It must be quieter now in the Roaring Fork Valley


(Book review: The Kitchen Readings: Untold Stories of Hunter S. Thompson by Michael Cleverly and Bob Braudis, 2008, Harper Perennial, ISBN 978-0-06-115928-2, Amazon)

The Kitchen Readings is a book about the middle aged and older Hunter Thompson, filled with anecdotes of the gunplay, explosions and excess partying that colored life at Owl Farm in Woody Creek, written by two of Thompson’s friends from the Aspen area of Colorado, where he lived more or less from the late 1960s onward.  Bob Braudis currently holds the post that Thompson famously ran for (barely losing) on the "Freak Power" ticket in 1970–sheriff of the local Pitkin County.  Cleverly is a former neighbor of Thompson’s and an artist.

The book goes between Braudis’s accounts of trying to keep Hunter in line with Cleverly’s reflections on life as Hunter’s neighbor.  The focus is usually on amusing–though given the involvement of Thompson, often dangerous and deranged–incidents involving driving too fast, drinking too much, ordering too much food, taking too many drugs, taking too long to do drugs before doing stuff, using too much explosive and chasing too many women.

So if Hunter S. Thompson only lived into his late 60s, this book reminds once again how weak and debilitated the celebrated journalist had become in the early 21st century–and again, reminds us of how utterly devastating George W. Bush’s 2004 win was to Thompson, and much of the country.  Cleverly uses a drawn-out discussion of the "Gonzo" funeral paid for by Johnny Depp to reflect on his passing and what it meant.  It sort of draws a dark cloud over the book, as none of the cocaine-fueled rages and drunken screw-ups recounted earlier in the book are nearly as morose and undignified as the image of a Hollywood funeral filled with Washington types and out-of-town security.  As the huge fist with a peyote button in it is described on page 259, "the monument was to be 153 feet high, a little taller than the statue of liberty."

"One has to stay current at all costs," as the book mentions on page 181 in the context of Thompson’s habit of always having the TV on.  Does Hunter’s constant desire for action help toward understanding the apparent suicide that ended his life in 2005?  Unable to stay current with his famous friends, still recovering from back surgery, arguing with his wife, dealing with unwanted visitors to his country home, ruing the new political order–but how does that really add up to much more than the usual adversity that someone like Thompson always seemed to face, or create?  Friends, in this book, seem to recount their last visits as fairly normal.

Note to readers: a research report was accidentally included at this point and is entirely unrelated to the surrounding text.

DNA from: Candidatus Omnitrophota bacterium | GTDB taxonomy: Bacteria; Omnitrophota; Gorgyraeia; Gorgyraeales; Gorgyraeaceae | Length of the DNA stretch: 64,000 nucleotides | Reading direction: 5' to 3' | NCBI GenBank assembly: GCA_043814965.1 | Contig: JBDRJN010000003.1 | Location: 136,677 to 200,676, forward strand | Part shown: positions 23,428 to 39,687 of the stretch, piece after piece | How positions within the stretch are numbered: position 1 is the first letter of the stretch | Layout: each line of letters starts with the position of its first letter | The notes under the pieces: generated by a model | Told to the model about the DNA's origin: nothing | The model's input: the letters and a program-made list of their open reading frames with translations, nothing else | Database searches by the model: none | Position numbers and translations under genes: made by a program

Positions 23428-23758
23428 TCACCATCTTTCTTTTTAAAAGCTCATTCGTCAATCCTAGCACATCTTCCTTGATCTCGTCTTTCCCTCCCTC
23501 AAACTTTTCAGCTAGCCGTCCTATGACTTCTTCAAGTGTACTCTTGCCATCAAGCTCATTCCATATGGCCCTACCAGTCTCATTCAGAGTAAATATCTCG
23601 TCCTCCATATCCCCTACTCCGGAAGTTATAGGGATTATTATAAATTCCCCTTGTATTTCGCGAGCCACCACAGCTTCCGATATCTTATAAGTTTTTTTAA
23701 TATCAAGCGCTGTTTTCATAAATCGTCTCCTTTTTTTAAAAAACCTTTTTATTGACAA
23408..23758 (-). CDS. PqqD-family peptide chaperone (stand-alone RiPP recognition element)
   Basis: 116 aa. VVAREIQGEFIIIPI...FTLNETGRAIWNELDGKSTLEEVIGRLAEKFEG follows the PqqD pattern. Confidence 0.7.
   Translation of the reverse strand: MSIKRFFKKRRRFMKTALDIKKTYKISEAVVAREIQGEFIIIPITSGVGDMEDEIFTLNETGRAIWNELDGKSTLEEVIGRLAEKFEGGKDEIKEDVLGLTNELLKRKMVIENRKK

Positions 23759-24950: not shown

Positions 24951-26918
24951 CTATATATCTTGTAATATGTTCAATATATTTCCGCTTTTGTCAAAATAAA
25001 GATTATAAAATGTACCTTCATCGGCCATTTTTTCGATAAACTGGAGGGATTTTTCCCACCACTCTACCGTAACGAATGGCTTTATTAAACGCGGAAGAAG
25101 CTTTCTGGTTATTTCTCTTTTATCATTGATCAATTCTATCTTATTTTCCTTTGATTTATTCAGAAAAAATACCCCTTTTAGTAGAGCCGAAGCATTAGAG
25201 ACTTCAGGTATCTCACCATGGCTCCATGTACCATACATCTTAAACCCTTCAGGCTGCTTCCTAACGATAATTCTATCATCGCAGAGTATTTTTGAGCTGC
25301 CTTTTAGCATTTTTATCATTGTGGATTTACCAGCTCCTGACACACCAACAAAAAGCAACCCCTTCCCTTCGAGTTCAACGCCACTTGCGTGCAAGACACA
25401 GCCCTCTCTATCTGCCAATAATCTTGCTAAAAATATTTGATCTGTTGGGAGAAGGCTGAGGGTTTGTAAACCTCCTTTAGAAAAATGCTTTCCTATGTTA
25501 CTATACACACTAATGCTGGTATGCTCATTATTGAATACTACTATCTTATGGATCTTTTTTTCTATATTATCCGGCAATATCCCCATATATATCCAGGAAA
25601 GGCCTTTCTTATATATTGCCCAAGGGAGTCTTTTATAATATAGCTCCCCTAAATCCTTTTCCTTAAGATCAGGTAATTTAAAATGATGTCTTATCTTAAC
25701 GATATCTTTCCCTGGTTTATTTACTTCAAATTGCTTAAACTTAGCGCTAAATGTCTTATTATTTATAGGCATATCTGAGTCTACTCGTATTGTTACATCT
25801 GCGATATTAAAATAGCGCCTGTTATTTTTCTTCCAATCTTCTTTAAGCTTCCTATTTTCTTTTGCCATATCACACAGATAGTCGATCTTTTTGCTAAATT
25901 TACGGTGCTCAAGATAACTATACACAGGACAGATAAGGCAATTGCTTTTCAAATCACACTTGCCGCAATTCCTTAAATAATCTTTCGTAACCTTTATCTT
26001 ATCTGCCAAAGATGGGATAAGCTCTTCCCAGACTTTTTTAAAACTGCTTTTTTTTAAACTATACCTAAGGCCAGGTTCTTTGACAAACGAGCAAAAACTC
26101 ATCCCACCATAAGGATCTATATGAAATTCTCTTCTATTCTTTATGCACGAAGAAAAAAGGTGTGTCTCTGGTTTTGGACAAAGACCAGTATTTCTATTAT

Regardless of all that, the stories in the book mainly center around Thompson’s kitchen, which served as a kind of headquarters, and the stuff that happened in the community–like the time Thompson got his vehicle submerged in a flooded hay field, or the time he accidentally shot his assistant Deborah while trying to scare a bear away from his garbage dumpster, or the time he needed a friend to hunt a bobcat out of his peacock cage.  Much of it is very funny, and the book has a laid back style and conspiratorial bent that make The Kitchen Readings, while not as brutal and as brilliant a depiction of Thompson as Ralph Steadman’s The Joke’s Over, definitely worth checking out.  Here a few interesting passages by way of example:

"Hunter’s short fuse was a thing of legend [p. 179]"

"Over the years to come, as his motor skills began to deteriorate, I began to worry about him on two wheels. [p. 226]"

"He raved to me that Juan only wanted his money, that Anita was depressed that she was the wife, nurse, housekeeper, editorial assistant and future widow of an old and decrepit journalist who believed that he was soon to expire or require 24-7 care. [p. 232]"

"We arranged his firing position to pose no danger to the golfer or the yuppie mountain bikers from Arkansas, as he referred to them, pedaling along the road past Owl Farm. [p. 39]"

"Duke asked himself why someone would swipe a jug of vanilla extract from the Jerome kitchen when one could just as easily swipe booze from the bar?  He didn’t bother to pose this question to Hunter.  Vanilla extract is 12 percent alcohol, but still… [p. 99]"

"Hunter loved to hear his writings read aloud. [p. 245]"

"Hunter was mistrustful of the ‘establishment.’  His rules were his own and often didn’t quite dovetail with those of the people who ran things. [p. 69]"

Thompson’s crusade for Lisl Auman–he thought that her conviction for "felony murder" was a miscarriage of justice and she was eventually granted some reprieve after his death [p. 195]–provides the basis for one of the more serious chapters in the book.

But Thompson did have some other serious chapters in his life as well–the aspiration to be a great American novelist, then to invent a new kind of journalism in the late 1960s and early 1970s, then to work (futilely) to usher in a new age of liberal freedom as that decade wore on.  But as with many in his age range, the 80s took their toll on Hunter S. Thompson, and after that it was in large measure a matter of living large for a time on the legend–something that Thompson did in Colorado with aplomb, and which this book documents well.

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